In 1777, William Barkley, a wealthy London barrister, acquired several fields in Upper Halliford, and shortly after, built Halliford House there as his country residence. The house provided a home for four generations of the Barkley family, and from1841 to about 1945 the house became a Private Asylum.

Owners of Halliford House included a young married couple, Charles William Barkley and his wife Frances. They circumnavigated the world in two quite remarkable sea voyages between 1786 and 1794, trading in valuable sea-otter fur pelts obtained by barter using small iron and copper items, so sought after by the inhabitants of N. Canada and Alaska.

Frances was the first Englishwoman to visit the shores of Hawaii, British Columbia and Alaska aboard their ship the ‘Imperial Eagle’. Charles’ charting of what is now known as Vancouver Island was so important, that today’s place names of Barkley Sound and Frances Island shown on the world’s maps, are lasting memorials to this amazing couple. The British Columbia archives at Victoria hold a collection of Barkley related material which is of great historical importance.

Nowadays, Vancouver Island has a popular tourist attraction, the ‘MV Frances Barkley’, providing daily pleasure cruises amongst some of its smaller islands, during which the incredible Barkley story is told to passengers.

A relatively recent book (Ref.1) tells the story of their two voyages. Six of their crew were murdered by inhabitants during exploration of a small island along the coast of Vancouver Island. Charles named this island Destruction Island, a name it still bears today. Charles lost command of his first ship the ‘Imperial Eagle’, following a dispute with the all powerful East India Company, but an arbitration board finally awarded him £5000 compensation (£700,000 today). On the homeward leg of their second voyage, they arrived at Mauritius in June 1793 unaware that England and France were again at war. They were briefly arrested and their brig the ‘Halcyon’ seized, which unfortunately left them with a great financial loss.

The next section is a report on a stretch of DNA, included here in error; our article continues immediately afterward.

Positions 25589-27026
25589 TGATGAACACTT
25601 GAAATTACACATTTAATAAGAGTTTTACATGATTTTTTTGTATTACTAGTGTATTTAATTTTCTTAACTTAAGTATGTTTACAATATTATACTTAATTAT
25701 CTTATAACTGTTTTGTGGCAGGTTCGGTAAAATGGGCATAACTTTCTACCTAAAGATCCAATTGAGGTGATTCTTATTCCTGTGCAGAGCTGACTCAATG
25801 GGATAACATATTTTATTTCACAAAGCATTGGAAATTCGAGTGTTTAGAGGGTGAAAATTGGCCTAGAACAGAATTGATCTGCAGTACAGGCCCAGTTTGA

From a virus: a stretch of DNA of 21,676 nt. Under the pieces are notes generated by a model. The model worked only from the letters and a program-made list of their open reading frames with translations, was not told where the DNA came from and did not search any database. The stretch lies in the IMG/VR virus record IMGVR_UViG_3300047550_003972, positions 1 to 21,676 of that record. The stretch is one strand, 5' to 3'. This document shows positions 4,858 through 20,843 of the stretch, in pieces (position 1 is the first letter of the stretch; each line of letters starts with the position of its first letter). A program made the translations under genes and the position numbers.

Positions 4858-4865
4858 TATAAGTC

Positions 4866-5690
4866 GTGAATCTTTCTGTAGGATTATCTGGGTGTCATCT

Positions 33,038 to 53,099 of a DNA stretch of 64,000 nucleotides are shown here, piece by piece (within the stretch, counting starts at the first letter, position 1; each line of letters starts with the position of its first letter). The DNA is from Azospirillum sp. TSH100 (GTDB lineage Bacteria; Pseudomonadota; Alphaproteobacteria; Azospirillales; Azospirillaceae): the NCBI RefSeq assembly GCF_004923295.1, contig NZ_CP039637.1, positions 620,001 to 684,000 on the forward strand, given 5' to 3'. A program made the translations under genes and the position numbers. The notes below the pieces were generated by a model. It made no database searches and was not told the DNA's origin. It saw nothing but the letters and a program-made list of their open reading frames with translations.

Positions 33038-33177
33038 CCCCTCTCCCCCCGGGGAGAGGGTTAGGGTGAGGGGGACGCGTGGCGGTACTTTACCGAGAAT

In England they lived at Halliford House between about 1810 and 1830, and in 1822 inherited the house from Charles’ brother John. In 1816 and 1824 their daughters were married at St. Mary’s Church, Sunbury. Following Charles’ death in 1832, ownership passed to their younger son C.F.Barkley, and after his death in 1845, his wife Annie Elizabeth Barkley inherited the Estate.

In 1841 Dr. Joseph Seaton, MD became a tenant at Halliford House and opened an Asylum there that same year. The 1851 Census shows just four patients, but by 1881 this number had grown to about twenty-one, cared for by up to eighteen staff. The 1861 Census lists the House as a ‘Special Lunatic Asylum’, but by 1881 the Census again records it as being a ‘Private Asylum’. The 1891 Census shows Dr. David Edwards, MD as Medical Superintendent with twenty-seven patients, a matron and twelve staff.

The 1901 and 1911 Census returns show Dr. William Haslett, MD (later Sir William) as Superintendent of the Mental Asylum with twenty-six patients identified by initials only. The 1939 Register shows Dr. R.A.Stewart as Medical Superintendent of the Asylum.

After demolition of the derelict house in about 1957, some of its grounds were later opened to the public as Halliford Park

Ref.1- The Remarkable World of Frances Barkley

By Ken Battle